Proxy marriage

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A proxy wedding or proxy marriage is a wedding in which one or both of the individuals being united are not physically present, usually being represented instead by other persons. If both partners are absent a double proxy wedding occurs.

Contents

Marriage by proxy is usually resorted to either when a couple wish to marry but one or both partners cannot attend for reasons such as military service, imprisonment, or travel restrictions; or when a couple lives in a jurisdiction in which they cannot legally marry.

Proxy weddings are not recognized as legally binding in most jurisdictions: both parties must be present. Under the English common law, if a proxy marriage is valid by the law of the place where the marriage was celebrated (the lex loci celebrationis ) then it will be recognised in England and Wales. [1] [2]

History

The Wedding by Proxy of Marie de' Medici to King Henry IV by Peter Paul Rubens (1622-25) Peter Paul Rubens 052.jpg
The Wedding by Proxy of Marie de' Medici to King Henry IV by Peter Paul Rubens (1622–25)

Starting in the Middle Ages, European monarchs and nobility sometimes married by proxy. Some examples of this include:

Further, a famous 17th-century painting by Peter Paul Rubens depicts the proxy marriage of Marie de' Medici in 1600. By the end of the 19th century the practice had largely died out. [dead link 1]

Today

As of 2015, various Internet sites offer to arrange proxy and double-proxy marriages for a fee, although the service can generally be set up by any lawyer in a jurisdiction that offers proxy marriage. Video conferencing allows couples to experience the ceremony together. [3] A unique "space wedding" took place on August 10, 2003 when Ekaterina Dmitriev, an American citizen living in the U.S. state of Texas where the ceremony was performed, married Yuri Malenchenko, a cosmonaut, who was orbiting the Earth in the International Space Station, by proxy. [4]

Legality

United States

In the United States, proxy marriages are provided for in law or by customary practice in Texas, Colorado, Kansas, and Montana. [5] [6] [7] Of these, Montana is the only state that allows double-proxy marriage. [8] Proxy marriages cannot be solemnized in any other U.S. states. [9]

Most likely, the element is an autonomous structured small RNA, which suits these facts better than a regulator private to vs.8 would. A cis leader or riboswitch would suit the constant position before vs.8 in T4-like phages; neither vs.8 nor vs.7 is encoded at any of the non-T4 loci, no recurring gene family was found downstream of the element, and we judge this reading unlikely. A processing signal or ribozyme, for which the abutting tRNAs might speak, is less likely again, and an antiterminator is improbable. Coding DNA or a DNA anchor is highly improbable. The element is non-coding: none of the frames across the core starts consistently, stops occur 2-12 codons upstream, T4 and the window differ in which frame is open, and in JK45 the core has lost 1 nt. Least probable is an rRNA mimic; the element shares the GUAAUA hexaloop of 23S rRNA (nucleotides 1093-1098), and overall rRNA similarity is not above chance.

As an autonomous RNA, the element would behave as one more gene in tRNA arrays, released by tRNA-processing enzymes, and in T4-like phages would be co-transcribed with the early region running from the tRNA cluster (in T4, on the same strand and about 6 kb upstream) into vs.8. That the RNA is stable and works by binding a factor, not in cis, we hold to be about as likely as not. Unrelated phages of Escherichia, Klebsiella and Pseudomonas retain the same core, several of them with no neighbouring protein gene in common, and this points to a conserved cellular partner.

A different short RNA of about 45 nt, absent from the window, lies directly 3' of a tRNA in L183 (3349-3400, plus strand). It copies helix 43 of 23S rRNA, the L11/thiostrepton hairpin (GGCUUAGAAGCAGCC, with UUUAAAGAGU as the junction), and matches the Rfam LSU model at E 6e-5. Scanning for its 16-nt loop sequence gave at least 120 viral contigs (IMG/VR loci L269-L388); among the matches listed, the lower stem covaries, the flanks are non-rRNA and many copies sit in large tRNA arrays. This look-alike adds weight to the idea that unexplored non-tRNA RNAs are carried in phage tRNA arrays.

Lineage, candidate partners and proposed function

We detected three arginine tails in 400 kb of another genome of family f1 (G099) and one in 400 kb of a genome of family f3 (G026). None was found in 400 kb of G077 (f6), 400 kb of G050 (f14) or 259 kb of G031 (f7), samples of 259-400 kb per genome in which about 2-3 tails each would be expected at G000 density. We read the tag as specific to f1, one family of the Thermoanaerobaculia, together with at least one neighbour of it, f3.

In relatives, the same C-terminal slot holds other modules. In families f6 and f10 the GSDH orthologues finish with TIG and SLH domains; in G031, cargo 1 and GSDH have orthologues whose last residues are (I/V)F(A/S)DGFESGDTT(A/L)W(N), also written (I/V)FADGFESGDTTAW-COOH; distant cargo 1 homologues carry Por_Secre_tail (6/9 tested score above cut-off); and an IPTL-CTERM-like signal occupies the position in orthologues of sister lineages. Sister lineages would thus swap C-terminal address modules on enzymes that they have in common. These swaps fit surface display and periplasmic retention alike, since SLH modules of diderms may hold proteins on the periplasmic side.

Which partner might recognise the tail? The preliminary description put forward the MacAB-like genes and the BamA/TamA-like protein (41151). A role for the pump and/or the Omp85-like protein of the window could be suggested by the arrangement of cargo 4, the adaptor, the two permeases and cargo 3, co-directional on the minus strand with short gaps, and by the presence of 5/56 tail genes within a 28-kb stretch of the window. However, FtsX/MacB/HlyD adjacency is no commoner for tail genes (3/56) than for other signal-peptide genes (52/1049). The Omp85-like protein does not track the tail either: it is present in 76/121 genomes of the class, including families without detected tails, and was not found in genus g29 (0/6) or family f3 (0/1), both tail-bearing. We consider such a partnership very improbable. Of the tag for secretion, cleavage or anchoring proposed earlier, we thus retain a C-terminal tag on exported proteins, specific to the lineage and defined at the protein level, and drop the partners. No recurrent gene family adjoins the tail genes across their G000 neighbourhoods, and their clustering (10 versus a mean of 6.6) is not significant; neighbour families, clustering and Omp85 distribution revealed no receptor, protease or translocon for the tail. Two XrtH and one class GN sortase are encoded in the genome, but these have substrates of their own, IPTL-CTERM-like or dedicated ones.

In 1924, a federal court recognized the proxy marriage of a resident of Portugal, where proxy marriages were recognized at the time, and a resident of Pennsylvania, where common-law marriages could be contracted at the time. [10] The Portuguese woman was allowed to immigrate to the United States on account of the marriage, whereas she would have been inadmissible otherwise due to being illiterate. [10]

During the early 1900s, United States proxy marriages increased significantly when many Japanese picture brides arrived at Angel Island, California. Since the early 20th century, it has been most commonly used in the United States for marriages where one partner is a member of the military on active duty. [dead link 1] In California, proxy marriage is only available to deployed military personnel. In Montana, it is available if one partner is either on active military duty or is a Montana resident. [8] In the United states if a proxy marriage has been performed in a state that legally allows it many states will recognize it fully or will recognize it as a common law marriage. The exception to this is the state of Iowa where it is completely unrecognized. [11]

Germany

Germany does not allow proxy marriages within its jurisdiction (§ 1311 BGB). It recognizes proxy marriages contracted elsewhere where this is possible, subject to the usual rules of private international law, unless the foreign law should be incompatible with German ordre public (art. 6 EGBGB): this is not the case with the marriage by proxy per se, would be if, e. g., the proxy was held responsible for choosing the spouse without further asking rather than only contracting a marriage with a given spouse.

Catholic Church

Catholic Canon Law permits marriage by proxy, but requires officiants to receive authorization from the local ordinary before proceeding. [12]

Related Research Articles

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Common-law marriage, also known as sui iuris marriage, informal marriage, marriage by habit and repute, or marriage in fact, is a legal framework in a limited number of jurisdictions where a couple is legally considered married, without that couple having formally registered their relation as a civil or religious marriage.

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Civil marriage marriage performed, recorded, and recognized by a government official

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Same-sex marriage has been legally recognized in the District of Columbia since December 18, 2009, when Mayor Adrian Fenty signed a bill passed by the Council of the District of Columbia on December 15, 2009. Following the signing, the measure entered a mandatory Congressional review of 30 work days. Marriage licenses became available on March 3, 2010, and marriages began on March 9, 2010. The District became the first jurisdiction in the United States below the Mason–Dixon Line to allow same-sex couples to marry.